Monday 13 May 2013

Beauty Product Labels: Do you know what they mean!?*

Whether it be a can of hairspray or a tube of foundation, us women spend £100's every year on Beauty Products to help us keep ourselves looking and feeling good, but do you really know what is in all that stuff you buy!? 
Picture Source
I for one, don't have the foggiest when it comes to reading labels on packaging let alone symbols on beauty products. Unless it states in big bold letters 'ORGANIC' or 'FRAGRANCE FREE' then I won't really know what to look for. Even when these massive words stand out on a product, it's not always the truth. 
For a product to be 'fragrance free' it should state that exactly. Not 'un-scented' or 'no perfume'. People get mixed up with this along with many other things when it comes to looking at what beauty products contain or don't contain. Beauty products all have a list of requirements that need to be met when it comes to labelling - just the same as food does. You wouldn't buy a meal that may contain nuts if you were allergic to them without looking for the warning, would you!? 
Below is a list of popular labels that you will find on most beauty products stashed in your cupboard - take a look at the logos and see if you knew what they meant. I can bet you didn't and you'll be scurrying off to check all your favourites to make sure they do what they are telling you! 
Organic / Natural
A product can flag that it contains organic ingredients if they amount to 70% or more of the total formula - although they can't claim that the overall product is 'organic'. The symbol below will appear if the product is in anyway Organic. 

EU Standards
The 'e' symbol refers to the net contents - the amount of product in the package. The logo is a guarantee that the quantity of the product printed on the packaging is correct, according to EU standards.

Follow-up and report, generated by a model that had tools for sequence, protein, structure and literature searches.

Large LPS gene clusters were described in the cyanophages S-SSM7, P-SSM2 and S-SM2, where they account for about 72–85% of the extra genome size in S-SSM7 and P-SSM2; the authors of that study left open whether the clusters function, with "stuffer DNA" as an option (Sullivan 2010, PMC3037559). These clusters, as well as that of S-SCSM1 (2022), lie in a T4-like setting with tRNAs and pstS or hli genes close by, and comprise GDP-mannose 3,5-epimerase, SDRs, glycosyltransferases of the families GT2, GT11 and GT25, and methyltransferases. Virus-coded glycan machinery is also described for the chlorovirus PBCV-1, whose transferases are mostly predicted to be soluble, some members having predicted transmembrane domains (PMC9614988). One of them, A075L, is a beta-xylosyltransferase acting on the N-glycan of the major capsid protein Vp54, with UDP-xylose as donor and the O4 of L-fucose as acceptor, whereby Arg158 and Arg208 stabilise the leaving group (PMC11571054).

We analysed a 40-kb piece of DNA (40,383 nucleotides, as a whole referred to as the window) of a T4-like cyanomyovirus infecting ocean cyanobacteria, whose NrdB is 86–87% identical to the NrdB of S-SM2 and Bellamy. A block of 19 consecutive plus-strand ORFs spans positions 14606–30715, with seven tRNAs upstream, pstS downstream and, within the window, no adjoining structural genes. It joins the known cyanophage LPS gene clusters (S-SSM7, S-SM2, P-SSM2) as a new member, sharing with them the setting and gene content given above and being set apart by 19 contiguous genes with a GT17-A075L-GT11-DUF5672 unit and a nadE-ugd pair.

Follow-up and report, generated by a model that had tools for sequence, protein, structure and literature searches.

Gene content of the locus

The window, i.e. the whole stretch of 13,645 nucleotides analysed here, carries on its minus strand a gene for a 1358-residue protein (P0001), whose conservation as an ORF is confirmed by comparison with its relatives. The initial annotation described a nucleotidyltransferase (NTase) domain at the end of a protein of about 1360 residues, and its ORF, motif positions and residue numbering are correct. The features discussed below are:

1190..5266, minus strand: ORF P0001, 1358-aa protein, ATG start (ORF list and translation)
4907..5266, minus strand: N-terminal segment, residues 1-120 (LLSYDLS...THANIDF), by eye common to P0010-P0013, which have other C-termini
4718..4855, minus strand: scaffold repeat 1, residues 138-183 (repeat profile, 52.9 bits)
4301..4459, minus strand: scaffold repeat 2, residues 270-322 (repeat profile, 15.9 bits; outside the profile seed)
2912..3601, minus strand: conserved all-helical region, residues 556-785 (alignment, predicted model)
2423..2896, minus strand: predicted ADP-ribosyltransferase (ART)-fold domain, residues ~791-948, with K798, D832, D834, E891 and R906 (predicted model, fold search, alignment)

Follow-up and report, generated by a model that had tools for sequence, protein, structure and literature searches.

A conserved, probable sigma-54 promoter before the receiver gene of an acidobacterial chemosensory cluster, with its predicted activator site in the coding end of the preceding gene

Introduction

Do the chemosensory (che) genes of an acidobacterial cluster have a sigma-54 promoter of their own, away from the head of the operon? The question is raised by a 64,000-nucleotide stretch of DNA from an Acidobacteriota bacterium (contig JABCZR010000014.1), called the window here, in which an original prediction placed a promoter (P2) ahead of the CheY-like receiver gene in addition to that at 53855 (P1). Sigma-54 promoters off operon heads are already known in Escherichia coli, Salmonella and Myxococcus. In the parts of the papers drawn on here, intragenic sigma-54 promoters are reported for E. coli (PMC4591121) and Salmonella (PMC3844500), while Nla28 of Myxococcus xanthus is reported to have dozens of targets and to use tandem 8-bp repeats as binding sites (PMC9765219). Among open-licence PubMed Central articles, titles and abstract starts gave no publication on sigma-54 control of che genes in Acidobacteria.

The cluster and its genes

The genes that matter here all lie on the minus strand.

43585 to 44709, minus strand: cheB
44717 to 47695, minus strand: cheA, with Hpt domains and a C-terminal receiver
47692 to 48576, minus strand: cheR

The Green Dot symbol is a hallmark of European legislation that refers to waste management but has no legal meaning in the UK (it will be on your packaging if the manufacturer uses a global design but under UK law it's redundant). If your product has any of the following, the packaging can be recycled. 

Period after opening - (PAO)
The 'lid' symbol indicates the recommended number of months within which the product should be used after it's first opened (24M - 24 months / 2 years). Cosmetic products that have a lifespan of less than 30 months must show a 'best before end of' date - this may be shown as the 'egg timer' symbol, followed by the date.

Ingredients legally have to be listed on either the outer packaging, carton or tube, jar or bottle - in descending order of concentration. Due to the range of shades in lipsticks and make-up, colours are listed together at the end of an ingredients list.

This logo will be found when used to describe products that cause or are claimed to cause fewer allergic reactions and have been dermatologically tested and provide given results. Caution should still be taken when using Hypoallergenic products though and the ingredients list always referred to. 

Animal testing
The Leaping Bunny Logo is the only internationally recognized logo guaranteeing consumers that no animal tests were used in the development/production of any product carrying the Logo as of a fixed cut-off date.

So, after seeing these labels, do any stand out to you? Did you recognise any of them and know what they meant already?! 

Go and grab your favourite foundation and moisturiser and see what labels are on them!


  1. This is so useful to know! thank you for doing this post!



  2. This is such a useful post, I'm really glad I came across it! I literally want to share this with my friends its one of those useful bits of information you come across on the internet that is actually worth a read!

    Thanks for posting!

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  4. Great post - very useful :) x

  5. Hey I my friends I tell you something can you give me answer please. Launch Windows Paint. Click the "Paint" button at the top left side. Select "Open" from the drop-down menu that appears. Browse to a copy of your business logo and double-click it. Click the “Select” button on the ribbon. Choose “Select All.” Click the “Copy” button on the ribbon. Click the "Paint" button and select “New.” If Paint asks to save your logo, click “No.” Click the Paint button and select “Properties.” Enter the dimensions for the label, which will differ on items such as soup cans, ketchup bottles or lipstick tubes, for example. Click the “Inches” radio button and click the “OK” button. When the Paint canvas resizes, click the “Paste” button on the ribbon to paste in the copied logo, then drag it into place on the label.
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